Lessons from Katrina: How Natural Disasters Affect Women’s Safety and Economic Status


The pictures and stories of lives lost and shattered by Hurricane Sandy are breaking our hearts. Beyond the immediate tragedy, the long-term economic toll Sandy will have on these communities is also staggering. Sandy is expected to result in over $4.3 billion in insured losses—still paling in comparison to the $65 billion in losses that the far more deadly Hurricanes Katrina, Wilma, and Irene caused. And digging deeper into the overall economic fallout of natural disasters reveals one consistent truth: natural disasters tend to make low income and poor people—the majority of whom are women—even more vulnerable to physical assault as well as to greater economic challenges in the years that follow.

According to some post-Katrina studies, women faced higher rates of violence and sexual assault during the immediate aftermath of the disaster and even a year later, due in part to displacement and difficulty lower income women faced in finding a permanent home. The Institute for Women’s Policy Research (IWPR) remarked upon the impact of natural disasters on women in a 2010 policy brief, pointing out that since poorer women have less “mobility and access to resources,” they are more vulnerable in natural disasters. For example, sexual assault rates in Mississippi rose from 4.6 per 100,000 per day when Hurricane Katrina first hit the state, to 16.3 per 100,000 per day a year later, in part because many women were forced to leave their homes and live in shelters during that time. Diminished access to transportation and shelter can exacerbate this problem. Even five years after Hurricane Katrina, affordable housing options in New Orleans remain limited.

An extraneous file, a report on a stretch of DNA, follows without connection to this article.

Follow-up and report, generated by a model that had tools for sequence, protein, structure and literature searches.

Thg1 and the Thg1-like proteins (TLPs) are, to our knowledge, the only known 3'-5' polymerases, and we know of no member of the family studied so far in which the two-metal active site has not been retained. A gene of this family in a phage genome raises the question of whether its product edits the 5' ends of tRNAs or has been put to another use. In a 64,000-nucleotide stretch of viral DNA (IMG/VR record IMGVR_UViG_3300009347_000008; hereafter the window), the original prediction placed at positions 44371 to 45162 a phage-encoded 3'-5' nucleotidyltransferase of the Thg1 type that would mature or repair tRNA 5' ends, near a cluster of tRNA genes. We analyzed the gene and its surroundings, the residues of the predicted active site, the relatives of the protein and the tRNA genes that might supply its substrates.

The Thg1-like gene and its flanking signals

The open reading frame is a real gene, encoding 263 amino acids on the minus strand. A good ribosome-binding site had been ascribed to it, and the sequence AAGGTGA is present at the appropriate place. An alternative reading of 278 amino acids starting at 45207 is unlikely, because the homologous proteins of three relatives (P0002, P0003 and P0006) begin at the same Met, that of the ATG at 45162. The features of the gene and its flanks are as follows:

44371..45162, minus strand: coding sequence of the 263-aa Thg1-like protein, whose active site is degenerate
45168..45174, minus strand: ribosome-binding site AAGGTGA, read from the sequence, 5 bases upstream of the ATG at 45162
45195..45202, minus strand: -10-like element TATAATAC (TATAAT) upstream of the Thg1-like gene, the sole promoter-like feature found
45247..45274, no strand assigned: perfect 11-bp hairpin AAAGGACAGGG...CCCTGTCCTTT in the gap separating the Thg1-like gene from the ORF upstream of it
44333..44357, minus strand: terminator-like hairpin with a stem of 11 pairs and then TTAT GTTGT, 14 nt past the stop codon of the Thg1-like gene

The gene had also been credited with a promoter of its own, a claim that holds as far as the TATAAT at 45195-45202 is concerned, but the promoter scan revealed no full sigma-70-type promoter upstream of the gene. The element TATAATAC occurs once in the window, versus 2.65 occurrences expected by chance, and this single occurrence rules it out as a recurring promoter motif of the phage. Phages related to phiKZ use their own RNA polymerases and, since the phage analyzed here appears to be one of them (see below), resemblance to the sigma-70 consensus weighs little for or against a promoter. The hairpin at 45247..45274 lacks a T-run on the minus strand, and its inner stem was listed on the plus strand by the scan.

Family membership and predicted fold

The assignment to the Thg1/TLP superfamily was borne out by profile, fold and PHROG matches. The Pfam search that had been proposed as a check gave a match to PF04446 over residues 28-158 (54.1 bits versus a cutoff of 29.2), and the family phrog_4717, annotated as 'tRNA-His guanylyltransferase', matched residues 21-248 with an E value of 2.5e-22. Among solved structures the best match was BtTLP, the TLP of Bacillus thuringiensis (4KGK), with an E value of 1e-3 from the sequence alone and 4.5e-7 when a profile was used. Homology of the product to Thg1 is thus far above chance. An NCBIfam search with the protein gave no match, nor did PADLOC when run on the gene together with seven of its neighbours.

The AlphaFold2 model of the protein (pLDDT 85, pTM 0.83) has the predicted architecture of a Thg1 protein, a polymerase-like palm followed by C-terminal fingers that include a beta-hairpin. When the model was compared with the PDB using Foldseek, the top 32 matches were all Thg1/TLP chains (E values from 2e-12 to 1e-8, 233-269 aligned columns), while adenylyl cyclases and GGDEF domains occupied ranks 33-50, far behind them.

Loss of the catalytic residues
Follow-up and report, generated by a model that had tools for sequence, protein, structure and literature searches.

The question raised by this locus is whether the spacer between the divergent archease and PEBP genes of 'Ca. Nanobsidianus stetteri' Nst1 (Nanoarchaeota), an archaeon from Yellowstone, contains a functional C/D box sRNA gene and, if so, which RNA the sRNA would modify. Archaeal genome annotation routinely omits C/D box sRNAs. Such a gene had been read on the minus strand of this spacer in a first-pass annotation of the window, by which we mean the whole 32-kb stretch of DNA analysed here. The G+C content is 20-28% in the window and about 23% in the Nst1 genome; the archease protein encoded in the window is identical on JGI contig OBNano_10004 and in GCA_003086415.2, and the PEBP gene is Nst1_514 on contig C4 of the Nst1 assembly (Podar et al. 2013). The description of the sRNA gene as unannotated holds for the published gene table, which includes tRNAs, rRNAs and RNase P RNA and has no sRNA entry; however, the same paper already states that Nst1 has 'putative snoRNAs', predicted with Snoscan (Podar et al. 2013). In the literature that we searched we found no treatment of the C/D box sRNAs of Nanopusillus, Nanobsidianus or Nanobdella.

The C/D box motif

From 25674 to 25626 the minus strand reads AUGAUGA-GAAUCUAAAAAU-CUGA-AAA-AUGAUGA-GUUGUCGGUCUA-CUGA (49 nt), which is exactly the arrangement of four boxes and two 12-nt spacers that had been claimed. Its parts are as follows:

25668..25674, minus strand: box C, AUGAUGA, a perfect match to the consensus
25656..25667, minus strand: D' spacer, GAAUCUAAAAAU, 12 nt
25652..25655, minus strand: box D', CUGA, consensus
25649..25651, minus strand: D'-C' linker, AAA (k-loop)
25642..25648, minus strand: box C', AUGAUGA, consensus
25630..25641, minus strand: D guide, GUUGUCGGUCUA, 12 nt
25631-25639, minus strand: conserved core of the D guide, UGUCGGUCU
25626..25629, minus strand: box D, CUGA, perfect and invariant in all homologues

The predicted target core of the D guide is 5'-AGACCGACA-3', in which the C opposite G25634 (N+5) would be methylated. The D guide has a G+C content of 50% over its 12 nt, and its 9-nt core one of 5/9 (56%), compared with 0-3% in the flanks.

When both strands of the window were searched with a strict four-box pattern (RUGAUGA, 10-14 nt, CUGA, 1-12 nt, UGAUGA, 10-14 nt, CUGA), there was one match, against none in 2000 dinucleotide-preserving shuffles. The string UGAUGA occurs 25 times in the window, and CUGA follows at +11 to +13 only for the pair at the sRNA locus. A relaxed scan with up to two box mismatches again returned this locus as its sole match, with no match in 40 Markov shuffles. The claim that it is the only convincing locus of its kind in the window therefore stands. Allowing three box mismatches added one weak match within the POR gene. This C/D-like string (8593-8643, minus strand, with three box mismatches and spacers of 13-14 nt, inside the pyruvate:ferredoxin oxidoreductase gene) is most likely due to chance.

In addition, Hurricane Katrina is believed by some to have hurt New Orleans women’s economic status in the years that followed—specifically women’s workforce participation and the gender gap in wages. Tulane University’s Newcomb College Center for Research on Women published a report in December 2008 that primarily evaluates United States Census Bureau data from the two  years following Katrina, showing that post-Katrina labor force participation rates dropped more for women than it did for men (-6.6 percent for females; -3.8 percent for males in 2007).

And a year after Hurricane Katrina, the average earnings of women of color declined as well. The Tulane report notes that “the median earnings of White, Black/African American and Hispanic/Latino men increased. In contrast, only the average earnings of White women showed a slight increase; the median earnings of Black/ African American women and Hispanic/Latinas fell.”

The Tulane report explains that barriers to women’s employment—including lack of schools, childcare facilities, housing and public transportation—magnified in post-storm New Orleans, and may have resulted in drops in both workforce participation and wages.

Do these trends predict anything about the future of New York, New Jersey and other states ravaged by Hurricane Sandy? To be sure, Louisiana’s economy and labor force is far different from that of the Eastern seaboard. The Tulane study even acknowledges that labor force participation rates among women in the South have historically been lower than in other areas of the country. Women in New York are more likely than New Orleans to work outside the home, and to hold higher paying jobs.

But that doesn’t mean there aren’t any poor women in the Northeast: 20 percent of the women in New York are living below the federal poverty level, and 11 percent of the women in New Jersey are in poverty. An advocate at the Welfare Rights Initiative tells us that most people receiving welfare in New York are women.

Though we are still reeling from the tragedy, Hurricane Sandy is less severe than Katrina, thus the economic impact of Hurricane Sandy will hopefully be less severe. But women who are displaced and/or poor may face similar safety concerns and drops in employment prospects. Just as in New Orleans, the impact may not be apparent for another few years. 

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